Are we shining?

Posted in market, politics, public policy by Gautam on July 8, 2009

Martin Wolf wrote an article for the Financial Times, London in respose to a report published recently by a the Centennial Group for the years Emerging market Forum.  I have been following Wolf’s coloumns for a while and would like to reflect his observations in this one.

Wolf in this article talks about what it would take for India, to continue to ‘shine’ globally; he adds that if India is to actually meet the challenges ahead with consistancy, it will not only have to maintain current growth trends but go far beyond and transform such trends exponentially.  While the article is titled ‘What India needs to do to be an Affluent Country?’, his analysis of the report illustrates very realistically that, even considering our rise in the global scene over the past decades, to live upto expectations of the world in the post-economic-crunch theatre, will have to transform into something quite fundamentally different.

For the question posed by the title to be answered in the affirmative, we would have to achieve and maintain a consistent growth rate at 10% for the next generation. To have such a task seem concievable, he lists out 4 things; the world must remain peaceful; the world economy must remain open; India must avoid the stagnation into which many middle-income countries have fallen; and, finally, the resource and environmental implications of its rise to affluence must be managed.

However, what truly caught my eye in this piece is Wolf’s analysis of how India would have to tackle these issues.  First, tackling disparities, not least among social groupings, but without further entrenching group-based entitlements and group-based politics; second, improving the environment, including the global environment; third, eliminating India’s pervasive infrastructure bottlenecks; fourth, transforming the delivery of public services, particularly in India’s ill-served cities; fifth, renewing education, technological development and innovation; sixth, revolutionising energy production and consumption; and, finally, fostering a prosperous south Asia and becoming a responsible global power.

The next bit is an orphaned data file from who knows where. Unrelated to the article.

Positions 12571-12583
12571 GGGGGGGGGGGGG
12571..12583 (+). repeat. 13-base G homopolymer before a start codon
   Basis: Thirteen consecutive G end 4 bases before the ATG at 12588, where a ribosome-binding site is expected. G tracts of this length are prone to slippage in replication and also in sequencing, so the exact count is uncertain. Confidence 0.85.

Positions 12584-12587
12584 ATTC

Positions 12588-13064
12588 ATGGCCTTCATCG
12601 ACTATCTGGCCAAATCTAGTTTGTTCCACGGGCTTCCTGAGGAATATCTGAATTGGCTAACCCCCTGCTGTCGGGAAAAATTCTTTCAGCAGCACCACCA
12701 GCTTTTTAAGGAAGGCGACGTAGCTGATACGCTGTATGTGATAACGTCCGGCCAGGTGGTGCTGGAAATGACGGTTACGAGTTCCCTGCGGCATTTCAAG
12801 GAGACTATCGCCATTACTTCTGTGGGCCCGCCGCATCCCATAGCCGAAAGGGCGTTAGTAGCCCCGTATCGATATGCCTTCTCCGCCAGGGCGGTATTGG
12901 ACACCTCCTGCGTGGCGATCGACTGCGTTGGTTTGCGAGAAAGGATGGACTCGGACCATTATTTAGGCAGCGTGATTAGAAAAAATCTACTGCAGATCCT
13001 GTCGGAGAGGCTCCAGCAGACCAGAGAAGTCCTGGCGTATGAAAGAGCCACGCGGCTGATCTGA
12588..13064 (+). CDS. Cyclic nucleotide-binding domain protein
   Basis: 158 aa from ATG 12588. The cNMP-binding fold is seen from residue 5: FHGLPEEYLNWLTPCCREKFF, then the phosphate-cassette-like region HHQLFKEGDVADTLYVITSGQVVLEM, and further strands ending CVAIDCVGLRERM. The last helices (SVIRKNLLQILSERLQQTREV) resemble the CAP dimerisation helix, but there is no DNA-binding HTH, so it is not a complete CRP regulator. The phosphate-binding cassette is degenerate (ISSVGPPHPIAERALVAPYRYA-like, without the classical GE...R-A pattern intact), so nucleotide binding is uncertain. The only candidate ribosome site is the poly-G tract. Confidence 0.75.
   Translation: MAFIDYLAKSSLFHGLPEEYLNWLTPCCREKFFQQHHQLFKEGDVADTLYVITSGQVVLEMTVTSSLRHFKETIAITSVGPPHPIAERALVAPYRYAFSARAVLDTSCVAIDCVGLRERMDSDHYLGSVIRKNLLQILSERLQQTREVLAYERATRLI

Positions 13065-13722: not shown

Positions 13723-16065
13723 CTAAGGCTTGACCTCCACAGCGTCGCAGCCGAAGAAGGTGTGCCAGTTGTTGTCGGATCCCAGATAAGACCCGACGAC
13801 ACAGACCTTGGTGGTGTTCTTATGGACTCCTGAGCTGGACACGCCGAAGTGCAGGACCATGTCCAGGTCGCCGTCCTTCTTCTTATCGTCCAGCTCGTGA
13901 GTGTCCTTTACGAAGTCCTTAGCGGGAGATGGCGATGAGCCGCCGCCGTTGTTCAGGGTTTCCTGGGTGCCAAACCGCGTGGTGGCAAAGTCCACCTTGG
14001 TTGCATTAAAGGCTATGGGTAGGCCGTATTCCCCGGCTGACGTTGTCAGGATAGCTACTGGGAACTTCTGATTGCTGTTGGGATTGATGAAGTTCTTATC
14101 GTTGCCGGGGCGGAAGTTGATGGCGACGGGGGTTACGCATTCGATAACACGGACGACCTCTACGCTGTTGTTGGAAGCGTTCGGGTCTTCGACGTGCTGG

The parallels drawn with China and the reasons for optimism notwithstanding, I think he has been very straightforward in stating that India owes an obligation to live upto standards that we have promised the world and that such is not going to be easy in the slightest.

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One Response

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  1. Sameer Boray said, on November 3, 2009 at 4:30 pm

    India has been termed as a sleeping giant,A potential super power, the next force to reckon with.But for how long will it be before we can fulfill the world’s predictions that India will be up there shining on the world stage? If one looks at India through the eyes of an economist, we are certainly on our way there, considering we are the 3rd largest economy(excuse me if im wrong on this fact) in the world.But if India is viewed from the common man, the aam admi, the man(or woman) who is sitting in Ramnagara(about 50 kms from Bangalore city), one can see the paradox of India.Bangalore might represent India’s strength but its rural areas certainly represent its weaknesses and faults.

    A few days back, A CPI(M) leader made a comment on India “India is shining in the cities and suffering in the villages”.Unless we look at the bigger picture and get the basics right, it’ll be a long time before we can even dream of India being the next super power of the world

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